I HAVE been following The Herald articles on the future of Notre Dame Secondary in Glasgow with interest. As one of the founder members of Notre Dame Primary School Board one of our main aims was to attempt to change the status of the High School.

Various surveys were carried out - all of which showed that the parents of the Catholic boys in the school would send their boys to Notre Dame High if this were an option.

As a group we appeared to have backing in principle from the Catholic Church who acknowledged their awareness of the high number of boys leaving the Catholic sector to attend a more local school.

We also felt that we had the backing,

in principle, of the education authorities who openly acknowledged the discrimination against our sons. However, when things came to a crunch there was

nothing done.

I am a parent of three boys - two of whom now attend St Thomas Acquinas Secondary and a third who is about to enter Primary 1. As my boys were on the point of entering secondary in 1996 I spoke with almost every member of the education committee.

I was advised at that time by a senior education officer to apply for a position in Notre Dame High for my twin boys. However, when I asked for a placing request to be sent to me I was told that

it was not possible to send a form as

my sons would not be considered for

a placement.

On January 21, 1998, I wrote again to the authority asking for a commitment from them that my youngest son would not be discriminated against by an authority which boasts equality of opportunity. They were unable to do so.

I was also interested to read that a spokesman for the council claimed

'' . . . we have not had a request over the last three years from a parent seeking provision of a single-sex boys' school''.

I quote from my letter to Mr Blair, Councillor Green and Mr I McDonald of June 1, 1998.

''Girls in Notre Dame Primary are given the opportunity to attend a

single-sex school. Can you guarantee that my youngest son will be offered

the same opportunity as the girls in his class when it comes the time to proceed to secondary?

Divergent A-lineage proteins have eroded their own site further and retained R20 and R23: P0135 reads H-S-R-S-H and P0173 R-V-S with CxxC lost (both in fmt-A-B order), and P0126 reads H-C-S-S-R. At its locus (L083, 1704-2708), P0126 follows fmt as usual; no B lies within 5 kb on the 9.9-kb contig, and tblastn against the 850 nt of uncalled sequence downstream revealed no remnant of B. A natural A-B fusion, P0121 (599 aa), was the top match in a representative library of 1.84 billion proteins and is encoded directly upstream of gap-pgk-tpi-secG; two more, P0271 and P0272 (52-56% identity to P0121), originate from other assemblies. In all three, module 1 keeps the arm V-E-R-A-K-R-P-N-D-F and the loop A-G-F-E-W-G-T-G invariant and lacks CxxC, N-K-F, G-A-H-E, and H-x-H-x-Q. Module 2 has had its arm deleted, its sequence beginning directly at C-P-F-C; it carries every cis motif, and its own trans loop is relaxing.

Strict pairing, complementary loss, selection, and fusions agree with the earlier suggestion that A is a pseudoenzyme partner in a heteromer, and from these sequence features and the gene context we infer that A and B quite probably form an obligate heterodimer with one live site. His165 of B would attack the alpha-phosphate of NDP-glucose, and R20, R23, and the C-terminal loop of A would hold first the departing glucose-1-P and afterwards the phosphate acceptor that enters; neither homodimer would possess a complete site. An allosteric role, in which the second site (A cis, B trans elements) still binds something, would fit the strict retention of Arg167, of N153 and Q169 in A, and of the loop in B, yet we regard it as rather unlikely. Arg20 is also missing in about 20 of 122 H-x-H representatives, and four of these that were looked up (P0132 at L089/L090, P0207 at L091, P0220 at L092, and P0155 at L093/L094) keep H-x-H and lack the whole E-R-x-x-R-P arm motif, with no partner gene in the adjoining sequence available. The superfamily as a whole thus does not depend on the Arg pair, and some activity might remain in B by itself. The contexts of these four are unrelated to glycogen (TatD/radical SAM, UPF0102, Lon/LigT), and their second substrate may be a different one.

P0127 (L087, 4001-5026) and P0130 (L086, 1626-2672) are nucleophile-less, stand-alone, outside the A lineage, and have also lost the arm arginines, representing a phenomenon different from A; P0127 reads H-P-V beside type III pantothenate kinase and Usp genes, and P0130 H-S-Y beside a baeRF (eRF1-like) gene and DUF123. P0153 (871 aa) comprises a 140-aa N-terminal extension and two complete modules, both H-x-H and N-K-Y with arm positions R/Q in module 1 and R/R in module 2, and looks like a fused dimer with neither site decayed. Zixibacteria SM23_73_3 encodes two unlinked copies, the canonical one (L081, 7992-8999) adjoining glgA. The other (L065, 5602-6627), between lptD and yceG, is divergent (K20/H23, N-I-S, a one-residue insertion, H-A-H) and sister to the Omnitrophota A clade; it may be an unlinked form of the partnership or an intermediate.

''There is an all-boys' school within half-mile radius of my house. Will the city council be willing to fund my son's education at this school in order that he is offered the same opportunity as the girls in his class? If they are not willing to do this, then, where will he be offered a place that will ensure that he will not be discriminated against due to his sex?''

A reply from Mr McDonald dated June 9, 1998 states: ''I am not in a position to give any of the assurances sought in your letter.''

Last year the education department asked the council to open consultation on a proposal to make the school co-educational. This was rejected in a move widely interpreted as avoiding a potentially damaging confrontation with the Catholic Church and the Muslim community in Glasgow.

May I dare to ask why the Muslim community should have any have any say in what happens in a Catholic school?

The education authority last year held meetings for headteachers in Catholic schools where the Catholicity of Catholic Schools was widely debated.

Surely the Catholic Church should show greater interest than it appears to be doing in the future of Catholic schools.

Finally, I was enraged to read the comment made by the Chairperson of Notre Dame High who wishes '' . . . these parents would stop causing problems''.

Who does she think we are? A group of mindless individuals who are willing to accept discrimination as it stands? Hopefully, pupils in the school are not being encouraged to engender discrimination in the manner that the school board, the education authority, and the Catholic Church suggest.

Mr Ken Corsar claims that the authority is not charged with running schools of a certain type. The fact that what they are doing is illegal does not appear to be of any import!

Malcolm Green claims that the authority will be unable to re-examine Notre Dame High's circumstances for a year or two. Is he willing, in the meantime, to publicly acknowledge that the City of Glasgow is against discrimination - except when it actively encourages it!

Anne P Fitzpatrick,

21 Cleveden Gardens,


April 24.